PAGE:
The Sea, the Sea
by Iris Murdoch (prize winner)
There is, perhaps, no greater testament to the ups and downs of love than the diversity of experience represented in the Booker Library. Misadventures, scepticism, devotion - and even joy - are attendant.
Should you find yourself staying in for the night on Valentine’s Day this year, we are here to help you identify the perfect Booker Prize companion, based on your personality type in relationships.
Your love language is being offered food. You stalked your ex-partner a little too closely online after you broke up - but then again, isn’t love what you make of it, really?
Read: The Sea, The Sea by Iris Murdoch
You are unable to justify re-reading Middlemarch for the hundredth time but retain a strong need for historical drama. You cry unashamedly at the end of romantic films.
Dating someone richer than you has, at some point, led you to conclude that Britain is a declining institution. Derek Jarman’s diaries are somewhere within reach on your bookshelf.
The phrase ‘people who live in glass houses should not throw stones’ has been said to you more than once. Your strength of character is somewhat mitigated by the fact that you are incredibly chaotic. In love, as in business, you have high ideals.
You are the sort of person who has ill-advised liaisons at work. Both you, and those watching, live for the intrigue.
Although you appreciate the quieter gestures of love in your life, you found your relationship going stale as a result of lockdown. You are also yearning for a holiday. At heart, you are an optimist.
Men are a waste of time. You know this. Therefore, you have recently become the sort of person who buys themselves flowers for Valentine’s Day. The journey to doing so is still fresh in your mind.
Love is pain and yearning. You commit to this idea passionately. Although you are fairly good-looking and very intelligent, you have not surrounded yourself with a decent enough network of friends to be disabused of that notion.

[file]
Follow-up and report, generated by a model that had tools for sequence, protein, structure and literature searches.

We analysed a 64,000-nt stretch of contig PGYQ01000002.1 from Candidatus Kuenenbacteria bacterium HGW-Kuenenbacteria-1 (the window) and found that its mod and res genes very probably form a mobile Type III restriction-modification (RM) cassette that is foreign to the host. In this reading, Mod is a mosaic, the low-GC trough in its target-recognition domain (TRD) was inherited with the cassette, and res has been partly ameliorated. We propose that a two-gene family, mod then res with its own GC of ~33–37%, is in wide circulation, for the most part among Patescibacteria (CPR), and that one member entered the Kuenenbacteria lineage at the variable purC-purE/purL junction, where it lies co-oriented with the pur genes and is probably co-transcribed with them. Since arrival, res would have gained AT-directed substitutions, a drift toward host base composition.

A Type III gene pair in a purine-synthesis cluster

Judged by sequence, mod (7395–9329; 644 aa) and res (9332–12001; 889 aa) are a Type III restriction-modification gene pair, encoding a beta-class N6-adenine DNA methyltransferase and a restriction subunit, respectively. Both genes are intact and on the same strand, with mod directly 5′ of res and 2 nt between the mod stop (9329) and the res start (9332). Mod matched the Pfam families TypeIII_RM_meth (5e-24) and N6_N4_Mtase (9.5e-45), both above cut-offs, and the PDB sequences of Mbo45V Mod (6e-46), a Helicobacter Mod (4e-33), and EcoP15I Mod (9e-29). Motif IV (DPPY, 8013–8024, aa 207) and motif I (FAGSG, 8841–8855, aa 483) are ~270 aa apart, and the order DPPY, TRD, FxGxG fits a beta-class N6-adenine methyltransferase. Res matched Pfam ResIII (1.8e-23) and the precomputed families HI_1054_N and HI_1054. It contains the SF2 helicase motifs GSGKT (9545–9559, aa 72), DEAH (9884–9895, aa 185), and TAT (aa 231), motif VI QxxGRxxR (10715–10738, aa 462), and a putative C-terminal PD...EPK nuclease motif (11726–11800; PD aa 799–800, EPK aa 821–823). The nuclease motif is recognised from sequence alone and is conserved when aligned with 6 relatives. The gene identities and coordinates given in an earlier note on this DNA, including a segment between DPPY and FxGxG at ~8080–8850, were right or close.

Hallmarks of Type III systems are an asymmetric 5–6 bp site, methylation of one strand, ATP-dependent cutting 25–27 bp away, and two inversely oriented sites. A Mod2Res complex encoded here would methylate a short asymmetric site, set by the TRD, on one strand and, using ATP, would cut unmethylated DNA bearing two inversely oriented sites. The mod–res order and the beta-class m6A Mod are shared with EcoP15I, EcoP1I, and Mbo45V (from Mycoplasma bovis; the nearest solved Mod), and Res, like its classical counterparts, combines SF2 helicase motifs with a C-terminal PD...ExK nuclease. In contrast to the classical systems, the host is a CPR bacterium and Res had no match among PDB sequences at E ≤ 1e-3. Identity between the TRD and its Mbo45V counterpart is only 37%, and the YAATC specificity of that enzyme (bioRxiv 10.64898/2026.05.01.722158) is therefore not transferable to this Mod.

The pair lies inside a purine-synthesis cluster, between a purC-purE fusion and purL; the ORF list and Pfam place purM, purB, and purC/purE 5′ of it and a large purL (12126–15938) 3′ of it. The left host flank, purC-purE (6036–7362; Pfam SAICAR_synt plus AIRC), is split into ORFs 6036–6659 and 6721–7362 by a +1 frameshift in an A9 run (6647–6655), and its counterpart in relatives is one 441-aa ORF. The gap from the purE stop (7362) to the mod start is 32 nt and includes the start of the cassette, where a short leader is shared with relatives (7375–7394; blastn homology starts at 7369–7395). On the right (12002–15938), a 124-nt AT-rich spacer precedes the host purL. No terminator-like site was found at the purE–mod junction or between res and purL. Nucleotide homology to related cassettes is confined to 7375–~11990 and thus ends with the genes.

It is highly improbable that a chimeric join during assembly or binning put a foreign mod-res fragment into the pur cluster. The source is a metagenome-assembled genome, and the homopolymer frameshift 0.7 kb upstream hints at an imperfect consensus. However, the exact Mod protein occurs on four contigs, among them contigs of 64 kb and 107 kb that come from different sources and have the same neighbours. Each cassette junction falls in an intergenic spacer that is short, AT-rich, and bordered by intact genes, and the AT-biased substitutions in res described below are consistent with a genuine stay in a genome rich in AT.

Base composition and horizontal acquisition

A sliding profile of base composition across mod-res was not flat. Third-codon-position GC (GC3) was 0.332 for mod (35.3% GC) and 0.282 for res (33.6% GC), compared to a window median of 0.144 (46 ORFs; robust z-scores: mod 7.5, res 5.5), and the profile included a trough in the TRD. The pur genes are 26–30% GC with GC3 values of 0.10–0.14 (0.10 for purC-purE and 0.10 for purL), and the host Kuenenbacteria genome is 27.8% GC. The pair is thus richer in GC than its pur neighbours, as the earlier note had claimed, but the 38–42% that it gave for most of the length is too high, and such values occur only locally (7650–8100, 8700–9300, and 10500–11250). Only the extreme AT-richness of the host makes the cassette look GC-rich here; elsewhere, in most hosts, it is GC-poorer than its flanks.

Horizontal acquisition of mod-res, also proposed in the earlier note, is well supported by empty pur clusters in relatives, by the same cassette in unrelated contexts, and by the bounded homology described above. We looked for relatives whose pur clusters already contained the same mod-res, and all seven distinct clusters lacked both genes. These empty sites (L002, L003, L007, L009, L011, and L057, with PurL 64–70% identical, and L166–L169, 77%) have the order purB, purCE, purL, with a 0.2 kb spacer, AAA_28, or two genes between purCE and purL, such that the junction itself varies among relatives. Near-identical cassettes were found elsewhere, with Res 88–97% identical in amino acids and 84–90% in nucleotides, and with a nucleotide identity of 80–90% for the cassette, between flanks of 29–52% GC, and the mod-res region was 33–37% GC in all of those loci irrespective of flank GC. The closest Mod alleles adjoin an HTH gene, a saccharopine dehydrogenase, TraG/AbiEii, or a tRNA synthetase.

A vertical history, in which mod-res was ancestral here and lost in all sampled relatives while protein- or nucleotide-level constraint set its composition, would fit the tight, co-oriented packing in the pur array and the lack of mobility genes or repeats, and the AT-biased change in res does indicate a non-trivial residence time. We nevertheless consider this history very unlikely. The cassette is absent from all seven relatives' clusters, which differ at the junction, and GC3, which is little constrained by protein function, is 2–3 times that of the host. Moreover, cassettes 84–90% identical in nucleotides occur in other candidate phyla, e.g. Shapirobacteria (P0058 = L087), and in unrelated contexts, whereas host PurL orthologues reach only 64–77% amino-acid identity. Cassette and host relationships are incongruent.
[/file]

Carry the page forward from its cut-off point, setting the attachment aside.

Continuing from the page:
Valentine’s Day has been a consistently disappointing affair for you each year. You grew up on a diet of Sylvia Plath and David Lynch. Normative family life has left a lot to be desired for you.
Your long-distance relationship means you spend half your life in a different time-zone by way of Skype or Zoom. People have made inane comments about the cultural differences between you and your partner. It is impossible to express quite how trying this is.
Your younger sibling is too invested in your relationship. This has inevitably disastrous consequences.
Quite simply: you love reading about love. You are the sort of person who keeps a diary, and appreciates a bit of mystery in their life. Sending poems or favoured paintings as a sign of affection is not foreign to you.
Your partner would love you to stop over-intellectualising the bouts of mortal dread and joy you’ve had over every interaction in this life. Unfortunately for them, you make a pretty good point.
You have entered your villain era - which would be fine except it’s a lot more pathetic than Taylor Swift led you to believe. The universe has nevertheless seen fit to bless you with a hot, long-suffering wife.
Photographs of the wall of love messages and lockets at Casa di Giulietta, Juliet’s House, Verona © zetwat, Alberto Roseo and Ivansmuk/Getty; Navrolphotography/Alamy. Main photograph © 1973/Getty